Thursday, August 27, 2009

Using Longer Shutter Speeds


The two most obvious reasons for using a longer shutter speed (This means your camera's shutter stays open longer giving the light more time to reach the lens.) are low light and falling or running water.

In either case you will need a stable shooting surface for your camera. Most commonly, this would be a tripod. However, any non-moving surface will work. It is also best to remotely trigger your camera, instead of depressing the button. Even this slight action can cause camera shake, resulting in a blurry image.

Here's a good tip. If your camera does not have a remote shutter release, use the timed shutter. Most cameras have the option for 2 seconds or 10 seconds. Simply set the timer and step back.

Night Fountain, Port Orleans Hotel, Riverside, Orlando, Florida
Night Fountain, Port Orleans, Riverside

To photograph running water during daylight hours you will need a Neutral Density filter. Depending on your type of camera, these come in rectangular format or circular. They also come in different densities. I prefer to use either a 4x or an 8x. Neutral Density filters can be very expensive. However, a lot of the less expensive models will work just as well. I purchased a used Soligar 8x circular ND filter from a local camera store for only $10.

Often the use of a polarizing filter in combination with a Neutral Density filter is a good idea. Polarizing filters cut glare from water surfaces. This is especially helpful when photographing running water as it will remove distracting surface reflections.

Remember though that the darker the filters the less light that will reach your lens and the longer you'll need to make your shutter speed!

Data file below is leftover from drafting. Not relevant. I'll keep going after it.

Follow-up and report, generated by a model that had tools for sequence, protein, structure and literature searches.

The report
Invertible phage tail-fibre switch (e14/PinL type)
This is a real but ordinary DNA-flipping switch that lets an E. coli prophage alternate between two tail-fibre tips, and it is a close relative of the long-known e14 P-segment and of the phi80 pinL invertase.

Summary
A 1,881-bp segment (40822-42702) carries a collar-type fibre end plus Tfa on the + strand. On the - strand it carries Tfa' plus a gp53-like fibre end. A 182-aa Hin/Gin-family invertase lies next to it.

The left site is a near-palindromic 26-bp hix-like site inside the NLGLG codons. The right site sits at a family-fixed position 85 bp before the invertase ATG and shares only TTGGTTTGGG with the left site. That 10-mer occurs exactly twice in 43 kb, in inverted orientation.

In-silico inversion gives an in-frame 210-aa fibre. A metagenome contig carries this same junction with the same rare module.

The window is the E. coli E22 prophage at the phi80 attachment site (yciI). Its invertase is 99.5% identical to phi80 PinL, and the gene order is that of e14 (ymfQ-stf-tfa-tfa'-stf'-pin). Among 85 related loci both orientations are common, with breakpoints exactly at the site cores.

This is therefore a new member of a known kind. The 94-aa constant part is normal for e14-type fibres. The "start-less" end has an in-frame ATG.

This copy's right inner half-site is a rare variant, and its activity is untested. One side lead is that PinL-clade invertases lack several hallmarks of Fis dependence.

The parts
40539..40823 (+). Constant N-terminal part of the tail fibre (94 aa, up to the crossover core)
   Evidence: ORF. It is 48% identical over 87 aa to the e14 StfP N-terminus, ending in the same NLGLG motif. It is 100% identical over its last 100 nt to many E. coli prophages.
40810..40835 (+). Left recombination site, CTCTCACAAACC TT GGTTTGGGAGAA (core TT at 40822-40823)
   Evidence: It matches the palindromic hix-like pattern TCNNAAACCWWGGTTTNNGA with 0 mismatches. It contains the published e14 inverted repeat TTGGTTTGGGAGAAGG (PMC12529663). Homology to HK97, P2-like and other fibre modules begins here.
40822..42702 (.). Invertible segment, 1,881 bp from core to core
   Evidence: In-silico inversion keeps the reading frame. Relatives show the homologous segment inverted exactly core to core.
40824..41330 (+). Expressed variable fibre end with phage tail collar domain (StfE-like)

The length of your shutter speed will greatly depend on what you are photographing. For running water, I have found closer shots require longer shutter times than distant waterfalls. In general, the larger the waterfall, the faster the shutter speed you can get away with. Shooting digital is great for this type of photography because you can take several images with different shutter speeds and compare the effects later.

Surprisingly, the best type of light for photographing running water is diffused light. Gray, cloudy days work best. Sunny days often cause too much shadow casting which can confuse the camera's metering system. However, this is not always the case. In the photograph below, there was quite a bit of light and I used its intensity to my advantage. I also selected a slightly faster speed than I would normally use to achieve the effect of water hitting off the rocks. My camera was resting on the ledge of a fountain at the time.

Splish and Splash
Splish and Splash

There are so many uses for longer exposures. The photo below was taken well after dark on a moonless night. A one minute shutter speed allowed the distant lightning storm to brighten the sky as if it were daytime.

Distant Lighting Storm, 1 minute exposure
Distant Lightning Storm, 1 minute exposure

I am continually surprised by some of the photographs I create when I practice using longer shutter speeds. I think that is part of what keeps me coming back. It is an easy enough choice to forget and yet such a simple thing to do with often such great results!

Suzanne Williams Photography
Florida, USA

Suzanne Williams is a native Floridian, wife, and mother, with a penchant for spelling anything, who happens to love photography.

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